The History of Wicca – Coven of the Goddess

The History and Origin of Wicca

History of Wicca

The History and Origin of Wicca

Although Wicca as a religion ,was introduced to the public in the 1950s by Gerald Gardner, it had existed for a few decades prior to that functioning as separate covens throughout England.

Wicca is considered by some as a pagan religion and often referred to as Neopagan, which means it is a modern religion but with its foundation in ancient beliefs and the pre-Gardner covens highlight how deeply entrenched this form of worship is in respect of female involvement.

Gardner himself was introduced to a witch-cult group of worshipers known as the New Forest coven and subsequently encountered numerous High Priestesses. Prior to Gardner making his findings public though the New Forest coven was a secret society and, even to this day, there are those who doubt it ever existed at all.

Gardner though proclaimed at the time that the coven was in fact the resurfacing of an ancient religion which had stayed secret for many centuries, Many though also questioned this as fact and considered it was simply a new religion devised sometime earlier in the century. Whether it was a resurfacing or newly emerged religion, as time progressed it transpired that Wicca at least has its foundations in ancient forms of worship even if it is not proven to be traced directly back to one in particular. However, more recently new evidence has surfaced which suggests that Gardner was in fact telling the truth at least about the New Forest coven and its existence in the early part of the 20th century. Several people, women most predominantly, were named in at least two books. So, it would seem that at least part of Gardner’s story was true and not simply an effort to sensationalize the new form of worship to merely promote it, as was suggested at the time.

Part of the problem arose though because it was strongly suggested that Wicca was derived from what has become known as the Witch Cults. This is the belief that the witch hunts of the 16th and 17th centuries were not murder of innocents arising from mass hysteria as is now commonly accepted by historians, but that the people killed did in fact belong to a cult of consisting of witches. The basis for this theory arose in the late 1800 and early 1900s, but is now considered to be nothing more than sensationalism derived from a few misguided authors seeking, for want of a better word, celebrity.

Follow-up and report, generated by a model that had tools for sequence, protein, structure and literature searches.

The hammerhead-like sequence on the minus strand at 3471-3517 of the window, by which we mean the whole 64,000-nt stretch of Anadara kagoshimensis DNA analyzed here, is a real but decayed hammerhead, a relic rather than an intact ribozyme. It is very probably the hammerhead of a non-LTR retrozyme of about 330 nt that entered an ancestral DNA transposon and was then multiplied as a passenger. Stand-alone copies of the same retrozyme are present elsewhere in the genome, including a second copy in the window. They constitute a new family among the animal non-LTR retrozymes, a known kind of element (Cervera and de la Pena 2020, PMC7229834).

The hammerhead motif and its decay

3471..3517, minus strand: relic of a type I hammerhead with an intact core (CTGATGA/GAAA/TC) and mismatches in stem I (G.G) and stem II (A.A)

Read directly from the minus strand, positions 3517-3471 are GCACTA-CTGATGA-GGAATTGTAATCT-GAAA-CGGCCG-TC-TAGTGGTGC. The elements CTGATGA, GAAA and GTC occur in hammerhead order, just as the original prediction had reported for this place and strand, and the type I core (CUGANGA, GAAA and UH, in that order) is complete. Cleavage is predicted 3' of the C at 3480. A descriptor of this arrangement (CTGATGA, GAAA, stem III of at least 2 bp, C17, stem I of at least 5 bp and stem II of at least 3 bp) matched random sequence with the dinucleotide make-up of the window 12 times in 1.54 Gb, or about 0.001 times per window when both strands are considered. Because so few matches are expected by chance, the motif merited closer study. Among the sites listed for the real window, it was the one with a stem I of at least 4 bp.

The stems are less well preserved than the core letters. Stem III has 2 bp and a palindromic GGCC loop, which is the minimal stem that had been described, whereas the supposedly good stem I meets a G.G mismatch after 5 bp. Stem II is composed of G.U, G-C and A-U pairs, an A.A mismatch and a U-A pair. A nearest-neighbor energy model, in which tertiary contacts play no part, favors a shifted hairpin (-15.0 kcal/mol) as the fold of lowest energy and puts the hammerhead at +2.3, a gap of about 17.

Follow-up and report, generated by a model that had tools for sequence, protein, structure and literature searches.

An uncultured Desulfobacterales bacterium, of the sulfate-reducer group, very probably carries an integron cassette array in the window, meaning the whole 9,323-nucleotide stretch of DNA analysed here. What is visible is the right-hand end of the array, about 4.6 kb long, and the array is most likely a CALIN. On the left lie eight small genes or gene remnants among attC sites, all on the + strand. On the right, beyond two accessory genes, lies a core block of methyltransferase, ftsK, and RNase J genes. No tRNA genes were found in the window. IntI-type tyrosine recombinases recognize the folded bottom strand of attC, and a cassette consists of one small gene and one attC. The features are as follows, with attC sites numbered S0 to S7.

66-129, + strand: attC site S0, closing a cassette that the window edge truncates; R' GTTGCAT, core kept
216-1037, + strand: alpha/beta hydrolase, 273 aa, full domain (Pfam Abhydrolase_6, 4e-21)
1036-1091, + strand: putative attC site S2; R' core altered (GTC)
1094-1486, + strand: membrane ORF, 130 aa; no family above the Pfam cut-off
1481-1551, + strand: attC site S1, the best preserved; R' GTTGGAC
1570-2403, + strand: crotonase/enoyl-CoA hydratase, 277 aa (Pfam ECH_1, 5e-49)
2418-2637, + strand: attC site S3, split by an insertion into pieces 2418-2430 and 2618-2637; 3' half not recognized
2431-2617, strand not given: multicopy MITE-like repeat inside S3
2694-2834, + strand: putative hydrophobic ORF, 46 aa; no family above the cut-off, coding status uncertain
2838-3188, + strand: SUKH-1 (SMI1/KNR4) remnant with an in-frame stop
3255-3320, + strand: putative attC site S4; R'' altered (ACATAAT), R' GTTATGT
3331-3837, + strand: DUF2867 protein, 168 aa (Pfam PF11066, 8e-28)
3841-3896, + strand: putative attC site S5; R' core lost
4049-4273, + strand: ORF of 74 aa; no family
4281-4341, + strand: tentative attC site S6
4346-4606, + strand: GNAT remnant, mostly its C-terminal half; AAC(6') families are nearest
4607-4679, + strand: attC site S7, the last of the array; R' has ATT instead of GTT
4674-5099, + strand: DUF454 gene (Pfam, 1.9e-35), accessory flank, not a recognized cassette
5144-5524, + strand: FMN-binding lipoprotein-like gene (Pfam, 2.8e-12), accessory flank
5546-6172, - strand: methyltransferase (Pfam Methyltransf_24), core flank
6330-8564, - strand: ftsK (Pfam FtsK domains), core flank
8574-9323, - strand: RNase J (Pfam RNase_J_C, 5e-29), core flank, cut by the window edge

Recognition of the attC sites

What we know for certain though, is that Wicca is essentially a matriarchal society with, if not an emphasis on the equality of women, then certainly an indifference to gender inequality. This means that, unlike in most mainstream religions, power in a Wiccan order is no less likely to be given to a woman than to a man because each gender, having its own virtues, is seen as having equal value.

Unfortunately in some quarters Wicca has earned itself a reputation for its links with sorcery, the forces of evil and negative intention occultism. However the responsibility for these issues often stems from not only the Victorian influences which were somewhat obsessed with communicating and raising the dead, but also through to 1960s and 70s television. By this time Wicca had become known in most English-speaking countries and in America strongly influenced TV programs and movies of the era.

Today though we find that most Wiccans are casting off the mantle not only of sorcery, the quest for celebrity and general sensationalism, but be shown to practice a religion which is increasing in popularity – and quite likely because most if its general concepts, despite their ancient foundations – coincide with contemporary interests.

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